Ayurvedic Diet during Winter

Ayurveda is all about doshas and their balance; this balance depends on many things, among which the major role plays food, activity and season. Each season has an influence on a particular dosha, and taking the right foods is one of the easiest ways to correct any possible imbalance. That is why we should consider following the Ayurvedic diet during winter.

The predominant dosha in winter is Kapha with its inherent qualities of patience and endurance, so it gives us the ability to go through this cold season smoothly. One of the main Kapha qualities is the mucus of phlegm, which increases during winter time. This manifests in the form of colds, coughs and running nose, especially in children. From one point there is nothing good about these ayurvedic diet for winter seasonconditions, but actually the thick mucus that accumulates in the lungs during a cold or cough is protective. It envelops the harmful bacteria and viruses, preventing them from spreading to healthy parts of the body. The excess of mucus also helps to protect vulnerable mucosal surfaces from cold air.

Kapha promotes the body growth; it strengthens and enhances the natural immunity of the human body, lubricates the joints, moisturizes skin and the digestive system, improves memory and is responsible for vital functions of the heart and lungs.

If your body is healthy, the natural digestive power increases in winter. Winter cold is actually fueling Agni (digestive fire), making it stronger, which is also one of the qualities of Kapha. This helps us to digest heavier foods as well as consume larger food amounts. It’s easy to observe – we naturally tend to eat more in winter.

Regardless of our constitution, our Ayurvedic diet for winter season should include more of spicy, fatty, astringent and bitter foods. Exclude sour foods and eat less of sweets otherwise your immunity becomes weak. Cold drinks and frozen food should be minimized. The best idea to use foods with warming properties such as cream, butter, cheese, condensed milk, warm (hot) meals from cooked gains (especially wheat, oats and rice – consume rice hot since it has a natural cooling property), sweetened buckwheat, hot soups, Dahl (the soup made from lentils or other pulses), warm herbal teas and honey. Taking hot milk before bedtime is strongly recommended in the Ayurveda winter diet.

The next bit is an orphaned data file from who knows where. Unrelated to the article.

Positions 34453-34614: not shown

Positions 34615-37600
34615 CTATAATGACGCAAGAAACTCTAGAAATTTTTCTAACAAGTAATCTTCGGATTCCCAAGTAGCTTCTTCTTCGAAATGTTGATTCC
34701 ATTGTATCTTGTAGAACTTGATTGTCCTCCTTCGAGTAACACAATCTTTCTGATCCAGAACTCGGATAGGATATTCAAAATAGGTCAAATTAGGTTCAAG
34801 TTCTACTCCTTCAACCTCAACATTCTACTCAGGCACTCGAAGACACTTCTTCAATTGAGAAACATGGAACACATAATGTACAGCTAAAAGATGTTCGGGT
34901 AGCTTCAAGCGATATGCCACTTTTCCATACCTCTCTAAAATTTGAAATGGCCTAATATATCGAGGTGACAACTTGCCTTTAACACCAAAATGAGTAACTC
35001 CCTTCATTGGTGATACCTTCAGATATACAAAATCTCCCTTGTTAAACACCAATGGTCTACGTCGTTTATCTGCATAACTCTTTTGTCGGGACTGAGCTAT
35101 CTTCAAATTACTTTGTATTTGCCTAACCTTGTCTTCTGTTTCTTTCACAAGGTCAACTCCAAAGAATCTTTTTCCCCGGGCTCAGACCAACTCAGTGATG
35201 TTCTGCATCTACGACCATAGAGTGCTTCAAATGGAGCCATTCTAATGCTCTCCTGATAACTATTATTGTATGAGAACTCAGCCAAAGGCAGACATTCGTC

Among sweet spices anise and mint should not be used in winter, since they provide a cooling effect on the body. But you are free to use bitter, pungent and astringent herbs and spices since they are very useful for cold season.

Ayurvedic winter foods include more of the dried rather than fresh and raw foods to avoid the overabundance of prana, because it makes the entire body overexcited, especially the joints, spine and intestines. Another point to consider is the amount of moist in a food: the more of it in the food, the worse it is to consume during cold season. Eat dry berries instead of raw. If the weather gets too cold, eat less of dry fruits, but more of nuts to give yourself more calories and energy.

In essence, winter Ayurvedic tips suggest us following two paths: balance our own dosha ratio (as usual) and consider the Kapha season as well. It may be difficult in the beginning, but as you get used to it, following Ayurvedic principles becomes easier, especially, when you understand them and see the positive results.

Another thing I would like to mention is that people with Vata dosha should be careful during winter. Although it is considered to be the season of Kapha dosha, Vata also increases during that time, so take care of your skin and hair which get dry, and make sure to eat more of hot and liquid foods such as soups, liquid porridges and dahls (dal).

Winter is quite a good time for Pitta dosha, since it gets grounded with the cold, but they should also listen to their bodies to make sure everything is in a balance.

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